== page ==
Assimilate & Destroy: The Rockefeller Foundation’s Role In Exploiting Then Suppressing Natural Medicine

Assimilate & Destroy: The Rockefeller Foundation’s Role In Exploiting Then Suppressing Natural Medicine By Dr. Tim Coles for Natural Blaze

Born in New York, John Davison Rockefeller (1839-1937) was the world’s first billionaire1 (he’d be worth around $13.7 billion in today’s money). As a Republican, Rockefeller supported Abolition, back when southern Democrat-voting industrialists profited from their human property. He was also a Methodist/Baptist Christian who believed that god had made him rich.

In 1864, he founded the grain and produce company, Clark, Rockefeller, & Co., with business partner, Maurice Clark (1827-1901). The company profited from the American Civil War (1861-65)2 and Rockefeller used his money to establish the company that made him his fortune: Standard Oil of California. With notions of the Protestant work ethic and Christian charity, Rockefeller and his employees attempted to craft an image of the family dynasty as philanthropic.

Rockefeller’s various institutes and foundations spawned other entities, including the University of Chicago, the General Education Board, and the eponymous Institute for Medical Research. But diary entries, papers, letters, and memos from the time confirm that the motive was primarily to make the public healthier and more educated in order to get them to work for the businesses in which Rockefeller had invested. By the mid-20th century, it was clear that “philanthropy” was also a massive, legal tax dodge.3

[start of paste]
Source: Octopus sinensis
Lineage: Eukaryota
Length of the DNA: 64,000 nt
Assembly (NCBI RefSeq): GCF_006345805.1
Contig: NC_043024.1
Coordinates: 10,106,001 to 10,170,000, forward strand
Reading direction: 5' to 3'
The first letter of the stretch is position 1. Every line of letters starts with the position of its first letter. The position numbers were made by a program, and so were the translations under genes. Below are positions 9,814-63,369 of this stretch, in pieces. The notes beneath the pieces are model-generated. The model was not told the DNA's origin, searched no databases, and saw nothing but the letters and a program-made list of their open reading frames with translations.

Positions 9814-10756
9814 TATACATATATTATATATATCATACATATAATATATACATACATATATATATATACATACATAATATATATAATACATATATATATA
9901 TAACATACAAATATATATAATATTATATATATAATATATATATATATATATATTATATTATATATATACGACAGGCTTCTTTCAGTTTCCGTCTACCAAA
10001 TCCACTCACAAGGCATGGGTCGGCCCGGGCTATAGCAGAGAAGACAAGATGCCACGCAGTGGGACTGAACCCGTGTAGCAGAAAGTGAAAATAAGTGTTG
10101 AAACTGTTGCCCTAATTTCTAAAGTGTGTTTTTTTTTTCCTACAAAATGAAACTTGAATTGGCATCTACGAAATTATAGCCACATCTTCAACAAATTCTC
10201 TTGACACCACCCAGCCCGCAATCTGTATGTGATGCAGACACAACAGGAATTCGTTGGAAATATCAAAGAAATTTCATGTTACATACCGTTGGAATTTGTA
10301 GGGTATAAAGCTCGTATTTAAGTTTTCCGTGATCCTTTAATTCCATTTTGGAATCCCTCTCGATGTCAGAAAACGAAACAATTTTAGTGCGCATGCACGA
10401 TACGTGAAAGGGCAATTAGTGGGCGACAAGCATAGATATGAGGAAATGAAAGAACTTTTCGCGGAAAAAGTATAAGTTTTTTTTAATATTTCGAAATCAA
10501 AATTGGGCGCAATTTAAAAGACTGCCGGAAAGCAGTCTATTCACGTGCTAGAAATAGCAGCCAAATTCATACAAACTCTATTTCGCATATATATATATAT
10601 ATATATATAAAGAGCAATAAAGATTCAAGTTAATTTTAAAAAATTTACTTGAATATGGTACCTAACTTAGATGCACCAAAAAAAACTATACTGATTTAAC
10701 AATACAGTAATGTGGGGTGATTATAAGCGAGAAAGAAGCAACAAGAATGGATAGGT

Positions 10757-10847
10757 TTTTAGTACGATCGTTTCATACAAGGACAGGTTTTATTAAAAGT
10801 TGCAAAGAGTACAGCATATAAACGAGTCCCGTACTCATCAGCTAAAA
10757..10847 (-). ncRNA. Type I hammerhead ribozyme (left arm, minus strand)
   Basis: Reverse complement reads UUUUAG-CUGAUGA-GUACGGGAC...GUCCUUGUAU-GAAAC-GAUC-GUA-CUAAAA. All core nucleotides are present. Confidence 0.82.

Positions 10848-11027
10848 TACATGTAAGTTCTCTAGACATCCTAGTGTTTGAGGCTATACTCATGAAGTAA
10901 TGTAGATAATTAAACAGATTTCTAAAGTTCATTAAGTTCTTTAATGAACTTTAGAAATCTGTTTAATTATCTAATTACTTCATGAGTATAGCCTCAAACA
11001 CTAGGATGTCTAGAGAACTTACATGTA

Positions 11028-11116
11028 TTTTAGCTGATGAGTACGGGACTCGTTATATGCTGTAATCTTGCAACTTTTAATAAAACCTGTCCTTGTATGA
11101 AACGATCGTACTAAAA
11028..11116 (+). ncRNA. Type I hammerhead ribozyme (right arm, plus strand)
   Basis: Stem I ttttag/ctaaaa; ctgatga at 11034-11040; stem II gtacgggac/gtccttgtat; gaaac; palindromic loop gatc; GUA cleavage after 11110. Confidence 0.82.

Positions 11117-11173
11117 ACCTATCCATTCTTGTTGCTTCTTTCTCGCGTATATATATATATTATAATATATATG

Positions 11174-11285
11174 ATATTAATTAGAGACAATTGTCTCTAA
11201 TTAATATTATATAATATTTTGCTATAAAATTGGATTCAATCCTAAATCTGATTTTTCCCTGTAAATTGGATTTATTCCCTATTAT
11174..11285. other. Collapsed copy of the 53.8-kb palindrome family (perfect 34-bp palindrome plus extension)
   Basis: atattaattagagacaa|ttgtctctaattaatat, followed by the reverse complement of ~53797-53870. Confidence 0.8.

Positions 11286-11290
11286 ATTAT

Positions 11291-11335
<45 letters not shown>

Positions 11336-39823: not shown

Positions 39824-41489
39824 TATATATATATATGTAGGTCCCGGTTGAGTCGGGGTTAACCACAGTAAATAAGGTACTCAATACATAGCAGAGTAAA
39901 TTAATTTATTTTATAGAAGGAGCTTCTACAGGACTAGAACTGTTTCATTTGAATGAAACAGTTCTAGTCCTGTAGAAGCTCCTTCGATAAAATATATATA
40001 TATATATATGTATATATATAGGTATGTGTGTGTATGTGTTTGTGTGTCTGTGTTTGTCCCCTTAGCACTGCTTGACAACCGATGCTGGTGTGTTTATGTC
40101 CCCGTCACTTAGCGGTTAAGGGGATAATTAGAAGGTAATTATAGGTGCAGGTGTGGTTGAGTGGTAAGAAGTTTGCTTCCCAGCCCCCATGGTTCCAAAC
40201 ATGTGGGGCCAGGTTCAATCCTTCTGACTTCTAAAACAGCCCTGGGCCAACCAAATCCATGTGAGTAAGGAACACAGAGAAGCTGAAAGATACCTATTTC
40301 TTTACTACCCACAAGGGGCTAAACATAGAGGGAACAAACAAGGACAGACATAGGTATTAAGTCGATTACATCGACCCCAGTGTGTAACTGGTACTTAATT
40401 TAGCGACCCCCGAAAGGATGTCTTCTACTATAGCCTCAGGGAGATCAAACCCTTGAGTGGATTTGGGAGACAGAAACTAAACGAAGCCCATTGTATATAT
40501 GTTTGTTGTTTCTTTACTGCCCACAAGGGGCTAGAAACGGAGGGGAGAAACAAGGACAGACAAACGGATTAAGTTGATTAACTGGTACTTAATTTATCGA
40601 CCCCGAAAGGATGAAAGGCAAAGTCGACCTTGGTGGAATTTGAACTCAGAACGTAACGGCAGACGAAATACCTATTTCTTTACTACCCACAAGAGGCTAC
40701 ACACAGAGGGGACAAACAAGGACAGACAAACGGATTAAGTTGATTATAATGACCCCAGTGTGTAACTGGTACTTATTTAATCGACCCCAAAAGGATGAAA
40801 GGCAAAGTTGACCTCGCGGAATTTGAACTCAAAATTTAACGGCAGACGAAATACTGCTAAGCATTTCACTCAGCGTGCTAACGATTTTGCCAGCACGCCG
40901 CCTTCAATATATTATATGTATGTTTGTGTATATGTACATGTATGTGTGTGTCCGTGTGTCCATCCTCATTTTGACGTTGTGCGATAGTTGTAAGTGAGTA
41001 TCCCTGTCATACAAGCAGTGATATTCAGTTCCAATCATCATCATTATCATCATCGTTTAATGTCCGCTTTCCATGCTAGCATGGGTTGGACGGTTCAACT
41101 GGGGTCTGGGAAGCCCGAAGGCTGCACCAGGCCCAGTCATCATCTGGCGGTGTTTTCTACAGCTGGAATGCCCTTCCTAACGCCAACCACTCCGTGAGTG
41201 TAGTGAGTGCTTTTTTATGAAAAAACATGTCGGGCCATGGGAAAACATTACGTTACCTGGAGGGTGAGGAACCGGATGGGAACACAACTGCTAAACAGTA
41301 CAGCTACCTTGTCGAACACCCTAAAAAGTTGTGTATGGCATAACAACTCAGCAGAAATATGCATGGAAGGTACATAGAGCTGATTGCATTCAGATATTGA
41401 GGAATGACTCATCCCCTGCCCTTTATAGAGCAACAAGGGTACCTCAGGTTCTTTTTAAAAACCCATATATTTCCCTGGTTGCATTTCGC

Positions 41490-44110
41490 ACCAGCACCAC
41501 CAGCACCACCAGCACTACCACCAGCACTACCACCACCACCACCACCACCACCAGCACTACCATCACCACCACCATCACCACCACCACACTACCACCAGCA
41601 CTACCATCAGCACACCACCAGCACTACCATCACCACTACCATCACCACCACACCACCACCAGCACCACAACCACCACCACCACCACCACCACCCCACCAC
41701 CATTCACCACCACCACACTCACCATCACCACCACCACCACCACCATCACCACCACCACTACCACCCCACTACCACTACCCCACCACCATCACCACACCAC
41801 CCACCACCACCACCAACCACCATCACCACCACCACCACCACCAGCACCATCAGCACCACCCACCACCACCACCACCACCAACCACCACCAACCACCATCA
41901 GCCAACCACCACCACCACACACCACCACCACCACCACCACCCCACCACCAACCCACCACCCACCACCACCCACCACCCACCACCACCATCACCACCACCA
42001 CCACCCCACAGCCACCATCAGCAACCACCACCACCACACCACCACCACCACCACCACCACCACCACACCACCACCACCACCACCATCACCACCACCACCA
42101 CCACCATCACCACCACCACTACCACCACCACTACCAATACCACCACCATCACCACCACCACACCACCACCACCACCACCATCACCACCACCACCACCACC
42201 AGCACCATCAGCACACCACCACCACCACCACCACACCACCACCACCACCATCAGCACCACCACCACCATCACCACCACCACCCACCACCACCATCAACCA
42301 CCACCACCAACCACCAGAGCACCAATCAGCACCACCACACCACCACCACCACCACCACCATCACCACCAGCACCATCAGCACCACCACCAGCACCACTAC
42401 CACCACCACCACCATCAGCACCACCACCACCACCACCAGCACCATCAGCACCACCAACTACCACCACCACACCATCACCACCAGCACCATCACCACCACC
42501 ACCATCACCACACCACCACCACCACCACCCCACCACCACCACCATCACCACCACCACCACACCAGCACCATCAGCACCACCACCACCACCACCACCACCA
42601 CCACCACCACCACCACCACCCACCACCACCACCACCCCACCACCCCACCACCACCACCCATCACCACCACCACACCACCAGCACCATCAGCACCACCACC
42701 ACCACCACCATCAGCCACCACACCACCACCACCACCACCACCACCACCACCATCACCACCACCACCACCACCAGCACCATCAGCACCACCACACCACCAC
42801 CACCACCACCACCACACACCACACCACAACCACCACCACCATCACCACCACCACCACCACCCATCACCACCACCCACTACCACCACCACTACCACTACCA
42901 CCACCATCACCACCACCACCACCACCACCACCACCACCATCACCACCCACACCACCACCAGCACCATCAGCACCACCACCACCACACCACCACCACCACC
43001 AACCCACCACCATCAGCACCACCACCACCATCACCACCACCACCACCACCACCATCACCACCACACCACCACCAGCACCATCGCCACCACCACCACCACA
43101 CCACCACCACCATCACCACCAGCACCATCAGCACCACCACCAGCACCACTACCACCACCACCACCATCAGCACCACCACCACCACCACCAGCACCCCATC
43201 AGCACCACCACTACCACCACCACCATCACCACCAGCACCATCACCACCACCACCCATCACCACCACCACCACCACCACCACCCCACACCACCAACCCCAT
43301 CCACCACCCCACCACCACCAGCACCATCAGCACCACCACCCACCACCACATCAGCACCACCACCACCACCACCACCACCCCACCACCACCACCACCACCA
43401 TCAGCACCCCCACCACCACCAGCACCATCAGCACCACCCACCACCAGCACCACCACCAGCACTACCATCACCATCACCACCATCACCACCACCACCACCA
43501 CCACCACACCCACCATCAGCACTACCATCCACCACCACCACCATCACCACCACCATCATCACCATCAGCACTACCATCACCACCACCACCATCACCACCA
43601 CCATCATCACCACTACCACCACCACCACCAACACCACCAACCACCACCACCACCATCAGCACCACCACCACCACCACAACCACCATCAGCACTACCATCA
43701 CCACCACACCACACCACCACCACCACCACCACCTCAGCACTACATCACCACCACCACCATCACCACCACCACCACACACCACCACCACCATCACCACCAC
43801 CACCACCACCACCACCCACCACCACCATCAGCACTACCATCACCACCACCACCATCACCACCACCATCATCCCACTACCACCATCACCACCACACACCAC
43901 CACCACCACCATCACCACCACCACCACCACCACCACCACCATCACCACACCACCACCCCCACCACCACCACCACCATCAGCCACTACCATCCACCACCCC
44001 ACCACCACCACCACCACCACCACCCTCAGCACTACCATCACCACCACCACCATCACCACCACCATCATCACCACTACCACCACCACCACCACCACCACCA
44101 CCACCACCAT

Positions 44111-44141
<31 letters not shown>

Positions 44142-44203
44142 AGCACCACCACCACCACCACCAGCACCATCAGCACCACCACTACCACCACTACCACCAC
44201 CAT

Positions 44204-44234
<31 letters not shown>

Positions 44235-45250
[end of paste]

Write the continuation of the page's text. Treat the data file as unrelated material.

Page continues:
Rockefeller’s profit-making agenda included the promotion of so-called “scientific medicine,” which has now become the norm. Although Rockefeller personally championed natural remedies, including homeopathy, publicly he funded allopathic medicine and was a major cog in the machine that brought America’s medical practices up to Europe’s technological standards. But institutions, be they religious, corporate, or national, are not self-containing. They expand. Rockefeller’s philanthropy was de facto colonialism in countries including China and the Philippines, where the offshoots of his Foundation trained indigenous elites to use Western “scientific medicines” and lessen their traditional, natural cures.


Former US President Bill Clinton (in office 1993-2001) says: “The academic study of public health owes its origins to Rockefeller, who financed the earliest programs at institutions like Johns Hopkins and Harvard [Universities].”4

Not all 19th century US physicians had formal qualifications. Founded in 1846-47, the American Medical Association lobbied to ensure that physicians were qualified and trained up to particular standards.5 But the formalisation of healthcare training reinforced the race, gender, and class structure in that females, poor people, and non-whites were typically excluded.6 In addition to producing young, white, male doctors from the middle- and upper-classes, the system also battled natural health in favour of the new “scientific medicine.”7 By contrast, the Popular Health Movement was a natural health lobby which, in the 1850s, sought to remove legal protections for reckless physicians.

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